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James Carter Organ Trio featuring Gregory Porter @ North Sea Jazz 2012

11 Jul

Last friday I visited the Dutch jazz festival North Sea Jazz in Ahoy, Rotterdam. And pff, I definitely saw some of the best musicians walking on earth at this moment. Starting the day with the complex and improvised music of the Dafnis Prieto Proverb Trio, contuining with jazz legend McCoy Tyner together with ‘son-of’ Ravi Coltrane and then via Van Morrison to Michael Kiwanuka. Kiwanuka (remember?) played all his jazzy soul songs with a five-piece band and he really blew me away. Check these videos as proof: Bones and I’ll Get Along.

After watching two songs by a disappointing John Scofield, I saw one of the most amazing concerts I have ever seen. Jazz saxophonist James Carter played with his organ trio: exactly what I like, the rawness of just drums, organ and saxophone is just what I love. I had never heard of James Carter before I saw the program of the festival. Some youtube videos convinced me to see him and he didn’t let me down. Carter is probably the most skilled and energetic jazz musician I have ever seen. That guy can get any sound of his saxophone. To top it off, jazz vocalist Gregory Porter was invited as a special guest. The fact that they never performed or even rehearsed together made the concert such a spontaneous and special event. To catch part of the vibe, check these videos: 1960 What? and an interview with Gregory Porter.

BADBADNOTGOOD – The World Is Yours / Brooklyn Zoo

10 Apr

BADBADNOTGOOD is one of those acts that you do not really know where to place at the first time. I didn’t really know if I liked what they are doing. Is it too much of a hype to be really good music or is it some serious shit? Well, their name says it all. These guys don’t take themselves too serious and still, they play very well. They gained my attention by collaborating with Odd Future mc Tyler, the Creator. But I was really blown away by their cover of Nas’ The World Is Yours, ending with ODB’s Brooklyn Zoo. It resulted in this hip-hop/jazz jam, which is taking the idea of a hip-hop beat to a whole other level.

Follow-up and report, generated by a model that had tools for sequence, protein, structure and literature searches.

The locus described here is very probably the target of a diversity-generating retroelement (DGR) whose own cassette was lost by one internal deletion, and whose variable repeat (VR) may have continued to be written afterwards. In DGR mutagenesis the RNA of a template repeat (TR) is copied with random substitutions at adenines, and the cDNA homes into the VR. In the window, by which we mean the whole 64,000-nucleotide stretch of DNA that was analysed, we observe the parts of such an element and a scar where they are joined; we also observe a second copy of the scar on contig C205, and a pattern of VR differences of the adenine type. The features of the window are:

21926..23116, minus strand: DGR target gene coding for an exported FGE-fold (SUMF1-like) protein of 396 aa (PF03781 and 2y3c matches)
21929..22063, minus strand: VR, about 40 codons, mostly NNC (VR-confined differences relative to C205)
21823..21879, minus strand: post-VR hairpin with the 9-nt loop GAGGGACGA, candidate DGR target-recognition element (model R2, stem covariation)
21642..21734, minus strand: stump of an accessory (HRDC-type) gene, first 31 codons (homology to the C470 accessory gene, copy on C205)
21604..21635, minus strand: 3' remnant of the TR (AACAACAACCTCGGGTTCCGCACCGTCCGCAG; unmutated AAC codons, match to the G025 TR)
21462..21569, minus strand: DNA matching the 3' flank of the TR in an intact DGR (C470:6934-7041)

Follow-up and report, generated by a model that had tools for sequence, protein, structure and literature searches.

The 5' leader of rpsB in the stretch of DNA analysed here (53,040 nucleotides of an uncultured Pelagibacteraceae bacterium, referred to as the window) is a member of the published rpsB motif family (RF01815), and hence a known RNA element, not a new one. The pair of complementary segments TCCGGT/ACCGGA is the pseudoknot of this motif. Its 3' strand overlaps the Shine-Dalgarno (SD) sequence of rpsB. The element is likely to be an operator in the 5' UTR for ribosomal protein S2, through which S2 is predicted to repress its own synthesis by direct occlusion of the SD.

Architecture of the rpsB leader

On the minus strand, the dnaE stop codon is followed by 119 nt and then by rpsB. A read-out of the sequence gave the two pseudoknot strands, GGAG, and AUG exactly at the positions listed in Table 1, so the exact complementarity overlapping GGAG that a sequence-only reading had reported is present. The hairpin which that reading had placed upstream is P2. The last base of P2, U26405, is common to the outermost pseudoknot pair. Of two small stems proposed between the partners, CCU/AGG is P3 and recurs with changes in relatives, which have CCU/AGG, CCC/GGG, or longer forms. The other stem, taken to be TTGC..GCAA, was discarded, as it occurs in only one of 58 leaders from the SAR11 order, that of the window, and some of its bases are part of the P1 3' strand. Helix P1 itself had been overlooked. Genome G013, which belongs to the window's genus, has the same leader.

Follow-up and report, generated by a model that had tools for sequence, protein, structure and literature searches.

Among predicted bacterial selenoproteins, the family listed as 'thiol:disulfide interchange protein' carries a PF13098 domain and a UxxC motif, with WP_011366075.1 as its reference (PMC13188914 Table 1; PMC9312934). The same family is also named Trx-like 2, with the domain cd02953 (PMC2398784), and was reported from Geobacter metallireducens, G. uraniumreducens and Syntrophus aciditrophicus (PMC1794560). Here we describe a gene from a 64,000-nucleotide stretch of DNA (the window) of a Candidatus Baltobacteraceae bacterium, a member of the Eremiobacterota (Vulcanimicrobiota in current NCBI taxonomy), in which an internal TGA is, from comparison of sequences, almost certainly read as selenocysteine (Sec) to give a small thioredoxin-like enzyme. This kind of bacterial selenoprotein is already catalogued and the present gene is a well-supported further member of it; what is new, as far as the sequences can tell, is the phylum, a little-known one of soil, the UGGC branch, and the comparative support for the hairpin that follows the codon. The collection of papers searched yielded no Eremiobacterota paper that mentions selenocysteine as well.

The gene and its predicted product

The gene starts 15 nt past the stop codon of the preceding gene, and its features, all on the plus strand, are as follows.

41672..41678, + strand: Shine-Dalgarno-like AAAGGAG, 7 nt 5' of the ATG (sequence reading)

A week ago they released their second album, free download on their site.

Bill Cosby & Quincy Jones – Hikky Burr

26 Mar

This song was recorded by Bill Cosby and Quincy Jones in 1969 as the theme song for The Bill Cosby Show. This song is so funky, thanks to the loose kind of playing. It sounds like everybody is just jamming and having a good time. Note the amazing saxophone lines and the awesome bass playing by Carol Kaye (amazing female bass player, played on classics like ‘Good Vibrations’ by the Beach Boys, ‘River Deep – Mountain High’ by Ike & Tina and a lot of Simon & Garfunkel songs).

The Section – Doing The Meatball

26 Mar

The Section is a band from Los Angeles formed in the early seventies. They mostly performed as a backing band for great artists like Crosby & Nash, James Taylor, Carole King, Jackson Browne and ehm… James Blunt. Because of all the artists they played with, you can hear that these guys can play every style of music. In their free time they recorded in total three albums, with mostly instrumental songs. This song was recorded in the time The Section recorded James Taylor’s album One Man Dog in 1972. The theme of this song is so catchy. First it starts with a very smooth guitar lick. When you think that’s it, the rest of band comes in with an even catchier saxophone melody. That groove goes on with a great sax solo. I really like the moment when the band stops and only that first guitar line comes back in. And now I’m listening to the song for the tenth time in a row, listen to that amazing bass guitar. Great song!